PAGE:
FO: Yeah, I think that there are just, there are some pivotal moments. I…some of them are candid, some of them are really like quite deep and I think there are a number of factors. Number one I think from an…artistic point of view, for a guy who was bullied and was, you know, um, you know racially abused and look, kind of ostracized during school – I mean I had great moments in schools but there were times that were really dark – it was the getting on stage. And people, I am on stage and um, I wasn’t embarrassed to be what I was doing ‘cos I loved what I was doing and people rather than say that was…you’re a loser and that, they saw I could do something, I was succeeding in something and so they applauded. And that was a key thing, to just say, point to say you know what? I actually am, I’m okay, I’ve got something, Iike, somebody. And I go fast-forward, you know, my faith has been a big part of that as well, because I recognised that I was loved and I did have that…I wasn’t alone and that I had a future and a purpose. Um, it’s a very essential, big part you know in solidifying that. But that’s another big part – you know at the age of 19 I began to realise that, you know, and it took a number of years – that I was loved. [JD: Yeah] That I was somebody. And I think that was also a very big pivotal moment. And then fast-forward a few years later forward until when I was 24, sitting at MacDonald’s in…going to a Beyoncé Concert in Sydney [h] [JD: Wow, yeah, yeah [h]] And the guys are, we’re sitting around our tables, this bizarre comment I said, and I just said to them, ‘I want to eat in a MacDonald’s’ – something we shouldn’t do[h] but er, um…[h] – but I said to myself I don’t want my life to be about myself anymore. And I then realised…and the boys were like oh what do you mean by that? And we just kept eating and I don’t know why I said it but, I got to the point, I go you know, my life [won’t 18: 40.?] be defined by how I help others, not just about who I am trying to be in myself and who I’m being myself. And I think when I put those three things together they’re the key [.? 18:52] at what really began the changing process.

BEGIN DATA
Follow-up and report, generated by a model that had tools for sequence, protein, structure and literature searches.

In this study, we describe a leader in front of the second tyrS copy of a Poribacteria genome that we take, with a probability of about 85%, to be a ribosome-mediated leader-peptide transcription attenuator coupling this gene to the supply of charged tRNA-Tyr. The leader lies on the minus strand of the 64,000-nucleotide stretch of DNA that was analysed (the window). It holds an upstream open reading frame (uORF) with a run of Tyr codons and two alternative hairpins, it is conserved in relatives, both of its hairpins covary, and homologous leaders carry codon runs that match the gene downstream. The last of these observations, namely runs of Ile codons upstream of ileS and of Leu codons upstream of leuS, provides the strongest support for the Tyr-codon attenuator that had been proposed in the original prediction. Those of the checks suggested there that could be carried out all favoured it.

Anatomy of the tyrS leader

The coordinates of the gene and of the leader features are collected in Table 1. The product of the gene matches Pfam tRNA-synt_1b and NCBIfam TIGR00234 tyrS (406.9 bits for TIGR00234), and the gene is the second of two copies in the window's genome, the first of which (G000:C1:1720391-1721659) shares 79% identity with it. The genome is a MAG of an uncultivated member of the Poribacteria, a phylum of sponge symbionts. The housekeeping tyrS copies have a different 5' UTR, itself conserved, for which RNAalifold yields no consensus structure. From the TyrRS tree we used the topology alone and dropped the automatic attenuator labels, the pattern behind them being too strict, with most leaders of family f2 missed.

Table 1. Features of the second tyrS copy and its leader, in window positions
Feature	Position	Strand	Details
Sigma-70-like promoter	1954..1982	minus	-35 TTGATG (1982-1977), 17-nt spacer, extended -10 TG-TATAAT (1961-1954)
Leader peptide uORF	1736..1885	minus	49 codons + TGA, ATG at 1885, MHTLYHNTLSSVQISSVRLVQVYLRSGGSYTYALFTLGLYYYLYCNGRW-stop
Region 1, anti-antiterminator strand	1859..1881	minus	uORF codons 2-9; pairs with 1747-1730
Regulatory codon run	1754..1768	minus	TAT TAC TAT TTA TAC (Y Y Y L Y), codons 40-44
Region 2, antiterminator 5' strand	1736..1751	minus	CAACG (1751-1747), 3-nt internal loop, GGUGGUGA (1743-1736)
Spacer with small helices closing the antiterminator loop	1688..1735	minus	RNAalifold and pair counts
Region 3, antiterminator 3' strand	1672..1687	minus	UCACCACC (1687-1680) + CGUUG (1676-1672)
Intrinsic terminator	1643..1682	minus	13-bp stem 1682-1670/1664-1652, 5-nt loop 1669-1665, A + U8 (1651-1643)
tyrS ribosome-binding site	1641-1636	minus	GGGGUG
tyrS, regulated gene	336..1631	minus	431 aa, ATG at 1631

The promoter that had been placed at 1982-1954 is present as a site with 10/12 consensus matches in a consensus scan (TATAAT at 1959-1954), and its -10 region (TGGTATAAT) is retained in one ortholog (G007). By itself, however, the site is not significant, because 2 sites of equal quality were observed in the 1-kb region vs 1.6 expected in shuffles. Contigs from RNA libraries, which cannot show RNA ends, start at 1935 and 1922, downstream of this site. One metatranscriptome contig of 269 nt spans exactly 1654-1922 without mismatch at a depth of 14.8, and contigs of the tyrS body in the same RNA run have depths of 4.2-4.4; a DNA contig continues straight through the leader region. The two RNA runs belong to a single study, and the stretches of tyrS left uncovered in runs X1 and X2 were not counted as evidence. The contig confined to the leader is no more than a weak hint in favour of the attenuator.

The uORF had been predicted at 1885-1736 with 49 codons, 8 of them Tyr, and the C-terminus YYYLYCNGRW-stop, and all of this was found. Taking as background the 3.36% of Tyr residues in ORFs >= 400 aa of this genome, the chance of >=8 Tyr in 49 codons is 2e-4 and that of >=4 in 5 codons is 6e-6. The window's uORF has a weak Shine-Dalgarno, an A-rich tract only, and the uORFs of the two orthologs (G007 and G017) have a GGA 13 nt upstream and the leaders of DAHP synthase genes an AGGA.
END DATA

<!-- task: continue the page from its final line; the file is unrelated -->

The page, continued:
JD: Yeah. And I am pumped seriously listening to you. You know if we had the webcam on you’d see me sitting here going it’s just awesome to hear it. I…something in me, I just love listening to people like you, you know who’ve encountered challenge and encountered adversity and just great stuff’s come out of it. And I want to, you know you’ve given us a nice sort of approach to the next question just in what you were just saying, when I was watching your videos, you said something again, really awesome – and I really want people to watch these videos that will be embedded – and I quote from Francis Owusu here: he says, ‘When I started to think that my life could be more than just me, that unlocked something in me’. Now I want to talk about contribution and I want to introduce that by, you know, I’ve been lucky enough to study a lot of stuff around you know Martin Seligman’s ‘Happiness Studies’ and what we do know is that money is correlated to happiness up to a point [FO: Yep]. So if you’re completely poor and you can’t feed your family then it’s very hard to be happy, but if your needs are met and you’ve got shelter, you’ve got your housing, you’ve got food, yeah you might want more but you know…the theory is that adding more money to any human life, you know exponentially, doesn’t create extra, extra happiness. If that was true of course then Bill Gates would be the ultimate happiest person on the planet, which is not necessarily [FO: [h]]. So you talk about contribution and I think it’s a massive thing and it can snap us out of depression [FO: You’re right about that], it can snap us out of… Talk to me about contribution, that sounds like a real hard beat for you.